[Papercut Press] 2002-04-10 - Lost and Found

Luke 15:4,5 What man among you, if he has a hundred sheep and has lost one of them, does not leave the ninety-nine in the open pasture, and go after the one which is lost, until he finds it? And when he has found it, he lays it on his shoulders, rejoicing.

It's bad enough when you lose the keys to your house or car. A little embarrassment and inconvenience, some new keys are made and things are back to normal. Don't try telling that to warden James Smith of the Indiana Department of Corrections. Smith recently, according to the Merrillville (Ind.) Post-Tribune, somehow misplaced all the master keys  for his facility, a lot of keys. After an exhaustive search, it was decided that the only safe thing to do was to replace the major locks and make new sets. It took days and $53,000 to correct the situation. During the time the locks were being changed, all 2,559 inmates were put under lockdown. The process took more than a week. The warden's wife just found the old set.

Being lost is not much fun. There are times when I prove myself to be a guy and fail to stop and ask for directions or look at a map. I know what will happen every time. I will end up miles from where I want to be before I break down and do what I should have done 30 minutes before. The parable of the lost sheep gives us a picture of a stupid, ignorant animal wandering around and not knowing where he is going. In this parable, we are represented by the sheep. The shepherd represents Christ, and the direct implication is that it is Christ who comes and seeks, finds and saves us.

There is a similar representation in the next parable in this passage. It is the parable of the lost coin. "Or what woman, if she has ten silver coins and loses one coin, does not light a lamp and sweep the house and search carefully until she finds it?" Luke 15:8. Again, in this parable, we are the lost coin, and Christ is the one doing the searching. This parable helps to show how precious we are in God's eyes. It also shows how incapable we are to do anything to help ourselves. The sheep at least could have cried out signaling it was lost, but the coin can do nothing. It is helpless. In fact, it is no different from the keys of the warden. The keys were lost and they could offer no help that would aid them in being found. This parable of the lost coin again speaks of us and of the mercy and grace of Christ in seeking, finding us and then rejoicing when we are found.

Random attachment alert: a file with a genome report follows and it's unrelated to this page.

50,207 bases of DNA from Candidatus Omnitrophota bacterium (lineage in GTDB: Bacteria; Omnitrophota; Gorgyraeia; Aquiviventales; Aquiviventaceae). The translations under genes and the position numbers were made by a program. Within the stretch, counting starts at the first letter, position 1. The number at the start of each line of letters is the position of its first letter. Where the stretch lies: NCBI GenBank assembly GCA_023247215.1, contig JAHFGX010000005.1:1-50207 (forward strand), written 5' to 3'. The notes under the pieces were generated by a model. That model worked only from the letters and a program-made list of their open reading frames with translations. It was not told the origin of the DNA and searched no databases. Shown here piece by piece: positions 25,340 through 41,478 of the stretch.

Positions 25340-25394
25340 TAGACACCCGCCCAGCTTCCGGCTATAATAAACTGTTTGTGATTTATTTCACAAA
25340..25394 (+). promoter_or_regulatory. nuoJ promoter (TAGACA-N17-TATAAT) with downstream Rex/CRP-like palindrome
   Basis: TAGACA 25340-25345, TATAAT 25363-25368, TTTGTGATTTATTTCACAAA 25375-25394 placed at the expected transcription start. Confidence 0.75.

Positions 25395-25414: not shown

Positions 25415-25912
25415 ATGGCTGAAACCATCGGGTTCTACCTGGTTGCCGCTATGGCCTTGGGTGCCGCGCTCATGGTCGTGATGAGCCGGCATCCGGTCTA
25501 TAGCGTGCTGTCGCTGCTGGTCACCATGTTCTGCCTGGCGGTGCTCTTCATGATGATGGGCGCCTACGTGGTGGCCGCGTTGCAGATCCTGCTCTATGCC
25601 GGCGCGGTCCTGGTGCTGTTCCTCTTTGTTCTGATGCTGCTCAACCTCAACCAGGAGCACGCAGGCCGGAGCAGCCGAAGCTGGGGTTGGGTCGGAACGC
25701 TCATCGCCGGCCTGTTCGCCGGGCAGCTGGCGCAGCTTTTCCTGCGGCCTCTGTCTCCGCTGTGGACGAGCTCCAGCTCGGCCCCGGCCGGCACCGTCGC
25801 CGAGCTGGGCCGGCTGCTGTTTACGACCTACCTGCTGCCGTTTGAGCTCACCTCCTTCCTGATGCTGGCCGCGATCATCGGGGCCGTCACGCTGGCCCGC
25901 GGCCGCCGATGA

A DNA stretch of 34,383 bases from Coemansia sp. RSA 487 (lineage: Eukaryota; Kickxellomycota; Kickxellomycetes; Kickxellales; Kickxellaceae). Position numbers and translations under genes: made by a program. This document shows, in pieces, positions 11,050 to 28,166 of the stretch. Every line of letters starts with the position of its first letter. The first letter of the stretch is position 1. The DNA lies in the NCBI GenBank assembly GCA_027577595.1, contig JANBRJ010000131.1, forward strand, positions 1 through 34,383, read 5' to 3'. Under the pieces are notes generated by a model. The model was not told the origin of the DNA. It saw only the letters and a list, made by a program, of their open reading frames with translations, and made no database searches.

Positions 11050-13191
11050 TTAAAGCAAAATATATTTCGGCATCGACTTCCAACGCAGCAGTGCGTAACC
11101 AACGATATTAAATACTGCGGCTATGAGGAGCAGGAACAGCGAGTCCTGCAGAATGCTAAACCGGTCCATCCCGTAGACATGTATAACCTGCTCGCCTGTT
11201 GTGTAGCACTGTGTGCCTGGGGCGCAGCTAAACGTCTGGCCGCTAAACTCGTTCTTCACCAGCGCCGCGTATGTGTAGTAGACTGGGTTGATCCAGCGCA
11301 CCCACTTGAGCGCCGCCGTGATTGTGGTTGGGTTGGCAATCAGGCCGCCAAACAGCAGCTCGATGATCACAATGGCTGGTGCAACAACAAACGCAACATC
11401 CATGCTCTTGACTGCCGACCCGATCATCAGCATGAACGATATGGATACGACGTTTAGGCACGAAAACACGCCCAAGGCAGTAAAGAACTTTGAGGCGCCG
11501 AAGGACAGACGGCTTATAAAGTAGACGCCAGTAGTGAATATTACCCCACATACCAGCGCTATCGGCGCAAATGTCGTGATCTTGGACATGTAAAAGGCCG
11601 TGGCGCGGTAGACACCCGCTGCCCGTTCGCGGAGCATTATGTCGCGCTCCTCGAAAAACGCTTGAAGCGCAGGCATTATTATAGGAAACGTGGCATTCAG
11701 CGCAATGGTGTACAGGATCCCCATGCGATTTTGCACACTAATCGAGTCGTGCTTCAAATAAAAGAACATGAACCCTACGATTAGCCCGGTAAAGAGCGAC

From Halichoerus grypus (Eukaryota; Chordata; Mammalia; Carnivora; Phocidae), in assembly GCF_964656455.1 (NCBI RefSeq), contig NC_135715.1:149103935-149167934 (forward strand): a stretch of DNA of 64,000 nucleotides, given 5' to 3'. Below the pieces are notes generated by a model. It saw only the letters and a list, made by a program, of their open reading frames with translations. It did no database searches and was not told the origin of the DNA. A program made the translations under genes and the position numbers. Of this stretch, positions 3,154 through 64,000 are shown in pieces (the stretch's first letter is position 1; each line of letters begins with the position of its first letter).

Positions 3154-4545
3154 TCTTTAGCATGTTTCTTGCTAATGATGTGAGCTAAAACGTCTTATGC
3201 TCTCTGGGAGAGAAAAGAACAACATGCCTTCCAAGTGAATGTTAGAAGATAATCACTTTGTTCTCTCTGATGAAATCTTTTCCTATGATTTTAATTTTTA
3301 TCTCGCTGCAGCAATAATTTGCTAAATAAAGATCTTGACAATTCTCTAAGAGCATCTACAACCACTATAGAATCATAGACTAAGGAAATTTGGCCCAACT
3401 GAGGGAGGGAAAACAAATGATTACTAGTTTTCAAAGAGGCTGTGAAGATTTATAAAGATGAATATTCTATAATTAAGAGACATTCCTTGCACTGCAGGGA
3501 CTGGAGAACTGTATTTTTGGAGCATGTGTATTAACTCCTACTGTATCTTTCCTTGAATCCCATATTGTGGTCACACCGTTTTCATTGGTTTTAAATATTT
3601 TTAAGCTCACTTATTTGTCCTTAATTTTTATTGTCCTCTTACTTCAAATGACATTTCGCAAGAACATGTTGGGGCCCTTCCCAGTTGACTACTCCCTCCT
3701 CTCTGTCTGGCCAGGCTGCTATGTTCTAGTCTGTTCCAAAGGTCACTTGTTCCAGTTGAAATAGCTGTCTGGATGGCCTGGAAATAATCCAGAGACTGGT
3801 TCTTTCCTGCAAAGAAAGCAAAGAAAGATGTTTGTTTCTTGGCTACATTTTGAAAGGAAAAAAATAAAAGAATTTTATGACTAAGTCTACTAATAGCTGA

Salvation is simple in many respects. Christ has done the work. Christ does the seeking. Christ does the saving. We respond in faith. Salvation is complicated, in that it is hard to believe that it could be that simple. We are prone to say, "What can I do to help out?" The answer is that we can do nothing. We can add nothing to the work of Christ in salvation. It is natural to want to try. However, our calling is not to add to the work of Christ, but rather to respond in faith and serve Him faithfully with our lives.

And there is salvation in no one else; for there is no other name under Heaven that has been given among men, by which we must be saved Acts 4:12.

"We are not saved for believing but by believing." Thomas Taylor

"If salvation could be attained only by working hard, then surely horses and donkeys would be in Heaven." Martin Luther

Soli Deo Gloria,
T-

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